What To Do When There Is No Dentist

Savoring a meal with a picturesque backdrop from your remote abode, you suddenly hear a loud snap as you bite down on a nut, followed by agonizing pain from a fractured tooth. While this may seem like an uncommon occurrence, dental emergencies can strike unexpectedly, whether at home or in the wilderness, and can swiftly incapacitate an individual.

The immediate solution of seeking dental care may not always be feasible, as a dentist may be located far away, or it may be challenging to find one during evenings or weekends.

In some cases, dental offices may be closed during disasters, such as natural calamities or human conflicts, leaving individuals stranded without proper care. Moreover, a power outage can also hinder dental care, as dentists require electricity to operate their equipment. Hospitals usually do not offer dental services, further complicating matters.

Given that dental first aid is seldom taught in regular first aid classes, the information provided here is intended to assist individuals in emergency situations when professional dental aid is unavailable. However, it is essential to note that it does not substitute proper dental care.


Dr. Andrew Morris, my friend, is an avid hunter, fisherman, and a dentist who has extensive experience with dental emergencies in rural areas. He emphasizes the importance of staying up-to-date with dental check-ups, especially for those embarking on extended trips. According to Dr. Morris, “A toothache can quickly spoil a good hunting trip.” However, this advice applies to everyone, regardless of their travel plans.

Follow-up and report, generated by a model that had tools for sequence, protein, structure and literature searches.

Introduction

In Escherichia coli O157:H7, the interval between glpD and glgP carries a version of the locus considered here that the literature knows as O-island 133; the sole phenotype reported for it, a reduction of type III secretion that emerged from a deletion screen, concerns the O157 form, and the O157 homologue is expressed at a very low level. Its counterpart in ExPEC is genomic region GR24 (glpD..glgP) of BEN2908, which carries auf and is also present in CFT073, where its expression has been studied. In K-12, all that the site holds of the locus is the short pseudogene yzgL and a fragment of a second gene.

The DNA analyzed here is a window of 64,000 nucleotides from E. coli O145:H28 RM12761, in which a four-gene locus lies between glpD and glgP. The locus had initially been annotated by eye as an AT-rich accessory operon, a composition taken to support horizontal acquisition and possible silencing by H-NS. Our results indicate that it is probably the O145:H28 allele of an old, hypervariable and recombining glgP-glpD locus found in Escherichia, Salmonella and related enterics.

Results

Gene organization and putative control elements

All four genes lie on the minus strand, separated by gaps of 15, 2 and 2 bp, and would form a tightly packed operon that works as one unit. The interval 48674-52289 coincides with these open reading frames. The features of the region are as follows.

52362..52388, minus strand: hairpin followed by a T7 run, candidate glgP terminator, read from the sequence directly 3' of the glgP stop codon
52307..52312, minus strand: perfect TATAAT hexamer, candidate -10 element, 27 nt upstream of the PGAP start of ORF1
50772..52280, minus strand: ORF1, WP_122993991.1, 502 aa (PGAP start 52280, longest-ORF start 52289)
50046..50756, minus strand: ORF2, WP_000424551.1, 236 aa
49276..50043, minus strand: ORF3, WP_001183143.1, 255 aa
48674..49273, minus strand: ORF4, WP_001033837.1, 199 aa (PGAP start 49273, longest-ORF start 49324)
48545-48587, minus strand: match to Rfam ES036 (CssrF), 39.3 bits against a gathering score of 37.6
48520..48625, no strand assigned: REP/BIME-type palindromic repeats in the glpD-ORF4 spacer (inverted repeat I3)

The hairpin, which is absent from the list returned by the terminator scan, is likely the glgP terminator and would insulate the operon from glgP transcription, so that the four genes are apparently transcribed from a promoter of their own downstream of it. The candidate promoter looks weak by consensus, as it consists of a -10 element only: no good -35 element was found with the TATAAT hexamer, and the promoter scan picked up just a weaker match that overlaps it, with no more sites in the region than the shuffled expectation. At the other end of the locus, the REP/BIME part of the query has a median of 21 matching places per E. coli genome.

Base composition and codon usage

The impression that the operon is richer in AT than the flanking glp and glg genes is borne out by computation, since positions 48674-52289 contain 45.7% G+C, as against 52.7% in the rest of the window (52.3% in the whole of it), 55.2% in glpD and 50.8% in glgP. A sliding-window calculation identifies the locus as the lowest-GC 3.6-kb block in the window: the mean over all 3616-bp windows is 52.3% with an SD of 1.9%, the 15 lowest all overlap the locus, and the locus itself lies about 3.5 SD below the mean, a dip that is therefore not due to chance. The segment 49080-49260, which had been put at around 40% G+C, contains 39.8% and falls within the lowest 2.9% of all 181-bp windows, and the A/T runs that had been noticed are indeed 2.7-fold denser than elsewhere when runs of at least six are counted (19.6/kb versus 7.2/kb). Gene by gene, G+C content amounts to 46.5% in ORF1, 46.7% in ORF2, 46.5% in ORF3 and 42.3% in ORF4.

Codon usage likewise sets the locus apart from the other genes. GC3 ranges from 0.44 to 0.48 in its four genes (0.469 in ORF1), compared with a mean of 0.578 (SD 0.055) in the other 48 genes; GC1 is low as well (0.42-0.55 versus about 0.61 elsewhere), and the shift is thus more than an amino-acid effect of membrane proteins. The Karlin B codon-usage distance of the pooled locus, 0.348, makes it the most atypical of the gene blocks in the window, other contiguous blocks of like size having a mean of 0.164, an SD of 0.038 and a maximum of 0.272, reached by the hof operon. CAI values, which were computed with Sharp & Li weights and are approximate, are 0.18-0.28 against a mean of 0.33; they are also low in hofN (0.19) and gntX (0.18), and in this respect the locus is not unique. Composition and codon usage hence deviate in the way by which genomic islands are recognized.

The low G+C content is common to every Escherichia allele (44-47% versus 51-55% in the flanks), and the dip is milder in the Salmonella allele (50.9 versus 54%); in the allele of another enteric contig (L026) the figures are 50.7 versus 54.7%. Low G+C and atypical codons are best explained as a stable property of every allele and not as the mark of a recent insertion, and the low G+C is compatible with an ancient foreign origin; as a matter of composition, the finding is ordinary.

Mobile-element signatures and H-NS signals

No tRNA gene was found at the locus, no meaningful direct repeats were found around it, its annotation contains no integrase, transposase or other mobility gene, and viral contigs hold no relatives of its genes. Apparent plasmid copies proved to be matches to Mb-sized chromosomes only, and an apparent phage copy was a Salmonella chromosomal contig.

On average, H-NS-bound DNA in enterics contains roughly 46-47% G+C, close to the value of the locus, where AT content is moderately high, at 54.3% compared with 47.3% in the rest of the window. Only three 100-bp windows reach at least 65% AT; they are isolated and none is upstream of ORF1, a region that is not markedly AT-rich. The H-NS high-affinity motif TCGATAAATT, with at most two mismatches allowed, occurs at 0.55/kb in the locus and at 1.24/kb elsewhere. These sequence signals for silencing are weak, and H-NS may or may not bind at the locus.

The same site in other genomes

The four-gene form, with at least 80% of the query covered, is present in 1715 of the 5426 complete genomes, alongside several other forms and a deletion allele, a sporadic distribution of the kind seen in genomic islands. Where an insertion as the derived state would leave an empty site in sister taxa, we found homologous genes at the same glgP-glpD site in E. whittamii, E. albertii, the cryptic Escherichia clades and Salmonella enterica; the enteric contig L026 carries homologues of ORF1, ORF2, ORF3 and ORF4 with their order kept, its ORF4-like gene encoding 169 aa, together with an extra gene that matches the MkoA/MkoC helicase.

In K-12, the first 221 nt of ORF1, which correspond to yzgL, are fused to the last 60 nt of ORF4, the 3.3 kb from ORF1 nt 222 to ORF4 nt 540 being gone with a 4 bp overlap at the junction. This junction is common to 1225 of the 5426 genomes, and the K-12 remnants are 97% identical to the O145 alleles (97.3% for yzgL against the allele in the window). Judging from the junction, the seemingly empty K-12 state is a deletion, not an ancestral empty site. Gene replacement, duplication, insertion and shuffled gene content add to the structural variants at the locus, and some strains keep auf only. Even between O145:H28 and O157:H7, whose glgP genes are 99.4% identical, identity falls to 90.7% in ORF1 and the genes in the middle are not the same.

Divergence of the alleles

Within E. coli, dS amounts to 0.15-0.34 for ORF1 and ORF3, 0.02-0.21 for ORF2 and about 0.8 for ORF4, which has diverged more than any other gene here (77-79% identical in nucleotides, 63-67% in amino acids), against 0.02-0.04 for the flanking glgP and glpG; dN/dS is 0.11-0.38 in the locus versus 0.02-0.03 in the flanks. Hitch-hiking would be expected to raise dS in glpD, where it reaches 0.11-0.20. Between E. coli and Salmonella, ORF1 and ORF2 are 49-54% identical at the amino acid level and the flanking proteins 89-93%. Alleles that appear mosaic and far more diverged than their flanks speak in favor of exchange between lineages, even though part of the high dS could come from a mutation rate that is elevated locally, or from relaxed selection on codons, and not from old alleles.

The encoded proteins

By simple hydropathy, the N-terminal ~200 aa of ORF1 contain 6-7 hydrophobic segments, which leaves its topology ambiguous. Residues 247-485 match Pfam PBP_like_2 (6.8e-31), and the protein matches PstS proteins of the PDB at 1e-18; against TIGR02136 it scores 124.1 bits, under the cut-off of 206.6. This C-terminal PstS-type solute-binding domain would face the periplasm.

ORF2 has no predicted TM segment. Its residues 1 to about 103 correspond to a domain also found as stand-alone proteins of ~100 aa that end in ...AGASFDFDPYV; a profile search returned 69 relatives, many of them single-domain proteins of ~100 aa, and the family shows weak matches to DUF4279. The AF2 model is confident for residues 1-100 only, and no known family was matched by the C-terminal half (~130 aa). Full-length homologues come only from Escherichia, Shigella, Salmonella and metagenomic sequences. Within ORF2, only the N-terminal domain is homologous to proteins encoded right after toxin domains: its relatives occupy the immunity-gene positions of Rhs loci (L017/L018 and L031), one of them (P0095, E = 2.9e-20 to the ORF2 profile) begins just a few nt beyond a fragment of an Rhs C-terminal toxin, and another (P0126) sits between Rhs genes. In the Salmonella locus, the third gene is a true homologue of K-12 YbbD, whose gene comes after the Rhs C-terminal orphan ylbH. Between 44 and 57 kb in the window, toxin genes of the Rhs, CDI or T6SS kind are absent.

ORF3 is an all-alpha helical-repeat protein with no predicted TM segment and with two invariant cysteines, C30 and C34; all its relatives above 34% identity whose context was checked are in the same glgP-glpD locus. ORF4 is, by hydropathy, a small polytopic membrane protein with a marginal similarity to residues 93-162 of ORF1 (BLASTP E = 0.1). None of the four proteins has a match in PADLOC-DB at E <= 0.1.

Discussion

Regular dental check-ups can prevent many painful dental problems, such as gum infections and failed fillings. They can also detect and treat small cavities before they cause significant damage. Proper dental hygiene, including regular brushing and flossing, is essential for maintaining healthy teeth and avoiding cavities and gum infections.

During crises such as disasters or evacuations, maintaining good oral hygiene is even more critical. Emotional and physical stress, combined with poor oral hygiene, can increase the risk of gingivitis or gum infections.

A toothbrush with toothpaste is the most effective way to clean teeth. However, in emergency survival situations where one is unavailable, alternative methods can be used. For instance, a washcloth or towel can remove plaque, which is the soft, sticky, bacteria-laden substance that forms on the surface of teeth.

A thin green twig from a non-poisonous tree or bush can also be used by chewing it until it becomes soft and fibrous, and using the end as a brush to clean teeth and gums. In the absence of all other options, one can even use their finger.

Dental first aid kit

dental first aid kit

When I encountered my first broken tooth while backpacking, I realized my first aid kit contained nothing that could provide immediate relief. Perhaps yours is similarly ill-equipped. Luckily, you can add a few small, lightweight items from a drug store or market to your first aid kit to address dental emergencies. I suggest including the following:

  • Dental floss
  • Soft dental or orthodontic wax
  • Cotton pellets
  • Tempanal or Cavit temporary filling material
  • Oil of cloves (eugenol)
  • Small dental tweezers

Remember to always wear protective gloves from your first aid kit when working in the mouth to prevent the spread of infectious diseases. There are various commercial first aid kit avilable that will help you deal with your dental emergencies. One such kit is the Dental Medic Travel First Aid Kit for Teeth which I carry along whenever I go into the wilderness.